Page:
A conservative social justice agenda
Time for conservatives to champion struggling Americans.

The Obama administration’s “progressive” agenda has left the poor behind. Years after the Great Recession, real need persists. The left’s misguided policies and materialistic culture only exacerbate the problem. It is conservatives and libertarians who must be struggling Americans’ true champions.

 

The state of need in America today

Some Americans have thrived under this administration. Since January 2009, the Dow Jones has more than doubled and other indices have climbed back to record highs. But the rebound has not benefited all Americans equally: Economist Emmanuel Saez estimates that fully 95% of recovery gains have flowed to the top 1% of earners.

Meanwhile, the poor have become even more desperate.

  • The number of citizens who rely on “food stamps” has soared by 50% since early 2009;
  • Just 63% of Americans are working or seeking work, the lowest rate since the 1970s;
  • Crisis-level unemployment persists in vulnerable communities—36% for African-American teens.

 

Click below to view the full infographic: The state of need under President Obama

This disparity offends any sense of plain justice. The administration’s critics cannot settle for schadenfreude. We need solutions. But how to develop them?

You start by actually asking marginalized people and those who serve them. Their testimony confirms what social science and survey data say. In their own words, vulnerable people need three things: Personal moral transformation, material relief, and the opportunity to rise.

Social justice starts with values

Refusing to discuss values is immoral.

Research shows that four values are integral to a well-ordered and happy life: Faith, family, community, and work. These critical institutions remain abundant in high-income, high-education America. But as Charles Murray and others have found, they are rapidly vanishing at the bottom.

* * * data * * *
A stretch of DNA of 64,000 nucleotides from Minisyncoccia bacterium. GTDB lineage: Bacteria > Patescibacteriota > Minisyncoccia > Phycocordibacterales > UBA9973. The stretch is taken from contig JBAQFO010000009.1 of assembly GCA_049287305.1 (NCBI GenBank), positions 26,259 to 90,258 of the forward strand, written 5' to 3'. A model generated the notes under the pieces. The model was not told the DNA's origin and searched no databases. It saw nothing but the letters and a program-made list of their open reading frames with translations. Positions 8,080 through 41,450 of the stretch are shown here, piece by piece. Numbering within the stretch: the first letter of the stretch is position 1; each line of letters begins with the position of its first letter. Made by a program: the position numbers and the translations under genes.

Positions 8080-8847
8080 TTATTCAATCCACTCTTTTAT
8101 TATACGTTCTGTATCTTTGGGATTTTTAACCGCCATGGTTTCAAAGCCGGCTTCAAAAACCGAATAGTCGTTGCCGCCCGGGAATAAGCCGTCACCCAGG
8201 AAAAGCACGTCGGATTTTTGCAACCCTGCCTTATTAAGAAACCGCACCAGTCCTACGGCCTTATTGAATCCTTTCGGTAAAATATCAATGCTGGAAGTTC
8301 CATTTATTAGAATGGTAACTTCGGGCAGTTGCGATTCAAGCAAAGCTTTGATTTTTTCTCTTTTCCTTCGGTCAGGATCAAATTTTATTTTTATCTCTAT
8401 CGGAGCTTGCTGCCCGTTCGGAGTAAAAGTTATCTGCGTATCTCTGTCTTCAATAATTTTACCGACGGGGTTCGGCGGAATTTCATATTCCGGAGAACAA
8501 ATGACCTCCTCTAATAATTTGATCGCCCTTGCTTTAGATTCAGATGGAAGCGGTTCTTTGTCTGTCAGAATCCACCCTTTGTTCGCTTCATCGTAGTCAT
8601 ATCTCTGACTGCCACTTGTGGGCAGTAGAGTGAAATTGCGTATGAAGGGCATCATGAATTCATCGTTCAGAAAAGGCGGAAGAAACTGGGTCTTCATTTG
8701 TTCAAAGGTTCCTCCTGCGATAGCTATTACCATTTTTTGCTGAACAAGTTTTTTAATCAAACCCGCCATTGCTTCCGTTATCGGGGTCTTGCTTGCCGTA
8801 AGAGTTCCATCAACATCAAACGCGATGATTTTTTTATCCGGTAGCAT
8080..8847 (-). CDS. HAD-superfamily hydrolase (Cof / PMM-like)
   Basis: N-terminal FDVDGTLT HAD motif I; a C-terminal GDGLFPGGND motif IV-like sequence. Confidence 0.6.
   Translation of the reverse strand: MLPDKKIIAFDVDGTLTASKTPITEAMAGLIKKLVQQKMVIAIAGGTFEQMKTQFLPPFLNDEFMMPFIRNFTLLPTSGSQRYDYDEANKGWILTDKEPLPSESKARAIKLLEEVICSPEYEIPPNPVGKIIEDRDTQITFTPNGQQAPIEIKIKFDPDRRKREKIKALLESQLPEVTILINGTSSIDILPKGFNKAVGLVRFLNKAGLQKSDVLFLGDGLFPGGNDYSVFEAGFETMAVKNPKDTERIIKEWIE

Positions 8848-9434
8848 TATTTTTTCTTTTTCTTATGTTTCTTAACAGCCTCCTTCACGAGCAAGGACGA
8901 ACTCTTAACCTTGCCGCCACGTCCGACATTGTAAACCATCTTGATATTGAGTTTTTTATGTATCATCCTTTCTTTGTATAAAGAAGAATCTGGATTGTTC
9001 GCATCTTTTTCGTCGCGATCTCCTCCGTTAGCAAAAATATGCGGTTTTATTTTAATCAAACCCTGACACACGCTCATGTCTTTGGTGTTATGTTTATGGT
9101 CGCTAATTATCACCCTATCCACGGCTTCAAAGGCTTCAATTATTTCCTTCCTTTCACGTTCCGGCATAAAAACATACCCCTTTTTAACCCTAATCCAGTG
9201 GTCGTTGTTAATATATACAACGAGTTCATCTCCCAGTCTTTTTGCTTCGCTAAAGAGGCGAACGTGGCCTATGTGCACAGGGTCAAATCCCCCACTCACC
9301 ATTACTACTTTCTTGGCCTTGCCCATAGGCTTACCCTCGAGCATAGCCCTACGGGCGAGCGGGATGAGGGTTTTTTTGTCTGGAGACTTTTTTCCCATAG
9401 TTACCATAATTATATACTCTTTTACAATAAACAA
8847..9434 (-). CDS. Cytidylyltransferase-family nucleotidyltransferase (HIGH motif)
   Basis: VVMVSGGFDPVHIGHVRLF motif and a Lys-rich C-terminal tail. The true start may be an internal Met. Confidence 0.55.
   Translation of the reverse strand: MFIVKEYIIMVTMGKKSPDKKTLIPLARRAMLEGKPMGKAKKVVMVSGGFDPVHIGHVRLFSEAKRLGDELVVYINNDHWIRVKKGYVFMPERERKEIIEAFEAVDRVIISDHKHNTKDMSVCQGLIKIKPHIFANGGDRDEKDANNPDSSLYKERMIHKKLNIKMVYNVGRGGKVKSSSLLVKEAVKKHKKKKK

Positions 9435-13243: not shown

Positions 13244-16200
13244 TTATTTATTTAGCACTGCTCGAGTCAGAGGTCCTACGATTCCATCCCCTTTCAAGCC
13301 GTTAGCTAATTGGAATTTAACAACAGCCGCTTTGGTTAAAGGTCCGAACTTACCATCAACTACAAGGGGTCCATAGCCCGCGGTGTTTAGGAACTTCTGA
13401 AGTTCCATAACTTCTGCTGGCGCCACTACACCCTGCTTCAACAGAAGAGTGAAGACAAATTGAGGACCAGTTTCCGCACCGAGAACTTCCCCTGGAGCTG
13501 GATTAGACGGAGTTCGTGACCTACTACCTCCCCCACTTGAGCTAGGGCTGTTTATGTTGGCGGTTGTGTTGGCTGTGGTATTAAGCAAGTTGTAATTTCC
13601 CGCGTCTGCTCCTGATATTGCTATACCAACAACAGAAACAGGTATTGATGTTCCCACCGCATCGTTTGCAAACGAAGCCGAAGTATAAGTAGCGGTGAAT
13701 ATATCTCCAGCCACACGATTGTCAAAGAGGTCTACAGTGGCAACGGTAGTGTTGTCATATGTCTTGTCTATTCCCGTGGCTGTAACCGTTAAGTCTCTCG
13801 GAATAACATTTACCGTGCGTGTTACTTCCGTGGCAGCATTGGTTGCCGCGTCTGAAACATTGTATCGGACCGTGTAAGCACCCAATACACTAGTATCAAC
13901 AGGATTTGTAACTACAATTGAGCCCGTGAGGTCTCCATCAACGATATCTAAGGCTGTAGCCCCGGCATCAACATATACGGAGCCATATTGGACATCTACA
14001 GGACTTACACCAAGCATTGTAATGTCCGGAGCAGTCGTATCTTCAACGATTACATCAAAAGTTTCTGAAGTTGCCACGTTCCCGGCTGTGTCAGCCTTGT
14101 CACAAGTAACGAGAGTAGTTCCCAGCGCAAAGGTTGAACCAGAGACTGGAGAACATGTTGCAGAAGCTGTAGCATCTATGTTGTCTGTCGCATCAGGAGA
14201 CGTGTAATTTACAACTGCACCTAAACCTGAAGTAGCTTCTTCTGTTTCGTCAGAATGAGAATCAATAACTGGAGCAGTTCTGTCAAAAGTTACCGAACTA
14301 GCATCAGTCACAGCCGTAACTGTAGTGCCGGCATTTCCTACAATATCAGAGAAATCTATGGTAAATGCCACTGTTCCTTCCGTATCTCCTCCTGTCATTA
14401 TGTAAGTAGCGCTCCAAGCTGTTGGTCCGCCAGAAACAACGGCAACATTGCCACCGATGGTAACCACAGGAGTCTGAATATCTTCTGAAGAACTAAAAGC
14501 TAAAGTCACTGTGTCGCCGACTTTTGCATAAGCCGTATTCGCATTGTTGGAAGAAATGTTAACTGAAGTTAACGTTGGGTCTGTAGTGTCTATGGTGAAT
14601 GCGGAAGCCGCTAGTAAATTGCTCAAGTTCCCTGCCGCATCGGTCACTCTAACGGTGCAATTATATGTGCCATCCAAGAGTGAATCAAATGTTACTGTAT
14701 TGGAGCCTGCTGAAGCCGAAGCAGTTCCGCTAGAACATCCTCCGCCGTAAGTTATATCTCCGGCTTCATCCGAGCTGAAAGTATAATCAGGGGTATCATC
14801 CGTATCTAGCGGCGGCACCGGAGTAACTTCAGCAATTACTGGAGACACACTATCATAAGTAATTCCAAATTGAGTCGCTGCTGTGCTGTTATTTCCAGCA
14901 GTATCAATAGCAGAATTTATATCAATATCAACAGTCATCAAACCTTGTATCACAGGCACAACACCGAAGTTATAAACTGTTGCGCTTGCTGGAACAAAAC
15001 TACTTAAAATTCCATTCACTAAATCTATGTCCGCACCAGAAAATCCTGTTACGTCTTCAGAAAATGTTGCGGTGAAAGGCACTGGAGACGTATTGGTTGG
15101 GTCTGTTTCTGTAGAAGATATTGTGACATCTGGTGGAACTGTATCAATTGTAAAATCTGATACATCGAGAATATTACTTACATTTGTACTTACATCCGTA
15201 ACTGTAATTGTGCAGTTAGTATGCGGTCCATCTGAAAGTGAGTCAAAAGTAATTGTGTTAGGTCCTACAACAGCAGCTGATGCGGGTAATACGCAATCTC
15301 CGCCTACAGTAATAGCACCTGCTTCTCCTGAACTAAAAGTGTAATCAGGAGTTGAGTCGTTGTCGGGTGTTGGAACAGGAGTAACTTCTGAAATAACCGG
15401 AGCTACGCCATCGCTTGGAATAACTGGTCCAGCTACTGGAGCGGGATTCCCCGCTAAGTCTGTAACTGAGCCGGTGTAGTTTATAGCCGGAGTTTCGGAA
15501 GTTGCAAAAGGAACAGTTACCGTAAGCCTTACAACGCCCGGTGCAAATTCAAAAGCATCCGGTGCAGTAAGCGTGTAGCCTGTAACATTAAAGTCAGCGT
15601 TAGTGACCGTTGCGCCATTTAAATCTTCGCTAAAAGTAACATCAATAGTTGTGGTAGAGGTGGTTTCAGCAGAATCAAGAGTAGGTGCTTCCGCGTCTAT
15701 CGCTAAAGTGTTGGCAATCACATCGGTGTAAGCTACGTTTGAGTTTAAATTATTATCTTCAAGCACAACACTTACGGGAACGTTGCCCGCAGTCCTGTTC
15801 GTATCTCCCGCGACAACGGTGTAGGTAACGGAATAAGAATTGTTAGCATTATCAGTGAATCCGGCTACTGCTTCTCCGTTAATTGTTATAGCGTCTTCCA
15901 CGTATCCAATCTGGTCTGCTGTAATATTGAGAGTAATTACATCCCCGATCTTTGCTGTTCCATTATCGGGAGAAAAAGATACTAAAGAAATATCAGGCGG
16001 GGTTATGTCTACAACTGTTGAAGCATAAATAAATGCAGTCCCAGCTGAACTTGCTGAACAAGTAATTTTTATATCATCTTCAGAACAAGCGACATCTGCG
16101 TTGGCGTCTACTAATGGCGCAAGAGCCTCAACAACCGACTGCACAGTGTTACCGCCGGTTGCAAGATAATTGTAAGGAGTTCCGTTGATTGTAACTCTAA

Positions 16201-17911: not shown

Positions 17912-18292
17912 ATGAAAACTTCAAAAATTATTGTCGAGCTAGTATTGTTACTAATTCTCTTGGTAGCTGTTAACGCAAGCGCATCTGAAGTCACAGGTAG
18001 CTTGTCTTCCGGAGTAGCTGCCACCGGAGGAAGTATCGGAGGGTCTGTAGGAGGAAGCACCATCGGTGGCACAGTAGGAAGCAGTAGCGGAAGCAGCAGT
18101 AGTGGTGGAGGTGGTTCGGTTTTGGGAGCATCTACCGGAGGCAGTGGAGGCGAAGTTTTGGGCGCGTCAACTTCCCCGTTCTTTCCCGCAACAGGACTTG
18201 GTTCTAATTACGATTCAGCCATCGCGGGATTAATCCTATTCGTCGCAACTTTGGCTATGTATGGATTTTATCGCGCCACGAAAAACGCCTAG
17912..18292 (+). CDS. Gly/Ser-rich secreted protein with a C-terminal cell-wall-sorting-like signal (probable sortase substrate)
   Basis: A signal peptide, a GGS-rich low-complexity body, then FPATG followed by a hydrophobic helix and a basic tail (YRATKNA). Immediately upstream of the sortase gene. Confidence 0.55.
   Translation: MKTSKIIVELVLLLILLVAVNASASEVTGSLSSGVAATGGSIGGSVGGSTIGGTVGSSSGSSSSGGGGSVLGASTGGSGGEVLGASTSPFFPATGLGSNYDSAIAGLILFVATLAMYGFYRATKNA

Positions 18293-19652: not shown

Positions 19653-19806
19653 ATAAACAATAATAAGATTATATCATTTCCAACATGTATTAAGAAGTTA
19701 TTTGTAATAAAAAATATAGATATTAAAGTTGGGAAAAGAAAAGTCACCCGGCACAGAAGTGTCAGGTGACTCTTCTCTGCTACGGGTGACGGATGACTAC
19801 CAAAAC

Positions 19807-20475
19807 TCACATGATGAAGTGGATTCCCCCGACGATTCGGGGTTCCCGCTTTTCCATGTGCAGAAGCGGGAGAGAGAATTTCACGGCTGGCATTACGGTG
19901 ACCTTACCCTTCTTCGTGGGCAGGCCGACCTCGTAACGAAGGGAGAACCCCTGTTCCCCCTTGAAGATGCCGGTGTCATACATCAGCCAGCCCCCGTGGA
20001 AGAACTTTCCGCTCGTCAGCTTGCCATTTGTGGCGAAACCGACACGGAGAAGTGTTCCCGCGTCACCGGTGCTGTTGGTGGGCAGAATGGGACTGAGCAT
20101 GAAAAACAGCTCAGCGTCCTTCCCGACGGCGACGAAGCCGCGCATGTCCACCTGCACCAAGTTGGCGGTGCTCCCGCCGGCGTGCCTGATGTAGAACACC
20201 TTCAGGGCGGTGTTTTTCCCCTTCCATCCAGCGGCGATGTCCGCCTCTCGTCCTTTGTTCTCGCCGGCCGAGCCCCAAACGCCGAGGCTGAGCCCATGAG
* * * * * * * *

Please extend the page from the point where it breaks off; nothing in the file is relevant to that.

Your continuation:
Refusing to discuss these values is profoundly unfair to the communities imperiled by their absence. To presume that low-income people are somehow unworthy of the same moral standards to which we hold ourselves is not “politically correct.” It is immoral and inaccurate.

 

The safety net requires conservatism

Stop fighting against things. Start fighting for people.

Americans’ charitable giving sets an example for the world. But private efforts alone cannot support the level of assistance that Americans believe is our moral duty. Conservatives and libertarians must honor Friedrich Hayek’s distinction between a true safety net for the indigent and the rent-seeking tangle that is today’s welfare state. Drop the materialistic fight against spending and take up a moral fight for people. Fight for pro-work reforms that promote dignity and prosperity instead of eroding them. 

Empathy doesn’t contradict fiscal conservatism; it actually requires it. Sprawling middle-class entitlements are driving America towards insolvency. And insolvency will compel austerity that, as in Europe, is guaranteed to hurt the poor the most. Entitlement reform is a major antipoverty priority.

 

Click below to view the full infographic: The conservative social justice agenda

Unleashing opportunity for everyone

Every American child deserves access to an education system that endows them with human capital. Yet while federal spending per pupil has skyrocketed, test scores have stagnated—and broken bureaucracies ensure that the most vulnerable kids receive the worst education of all. It is far past time to empower poor families to choose better schools.

Mobility requires free enterprise.

But a fair start is only the beginning. True mobility requires free enterprise, the economic system that has turned millions of people’s ambitions and innovations into the greatest antipoverty achievement in world history. Only free enterprise equips everyone to earn their own success through hard work and merit and builds prosperity in which everyone can share.

Sometimes that requires legitimate government action. Often, it simply means getting the state out of the way. In both cases, it is time for conservatives to be warriors for vulnerable people.

 

 

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About the Author

 

Arthur C.
Brooks

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Thursday, October 02, 2014 | 9:00 a.m. – 10:30 a.m.
Campbell Brown talks teacher tenure

We welcome you to join us as Brown shares her perspective on the role of the courts in seeking educational justice and advocating for continued reform.

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Friday, October 03, 2014 | 12:00 p.m. – 1:00 p.m.
Harnessing the power of markets to tackle global poverty: A conversation with Jacqueline Novogratz

AEI welcomes you to this Philanthropic Freedom Project event, in which Novogratz will describe her work investing in early-stage enterprises, what she has learned at the helm of Acumen, and the role entrepreneurship can play in the fight against global poverty.

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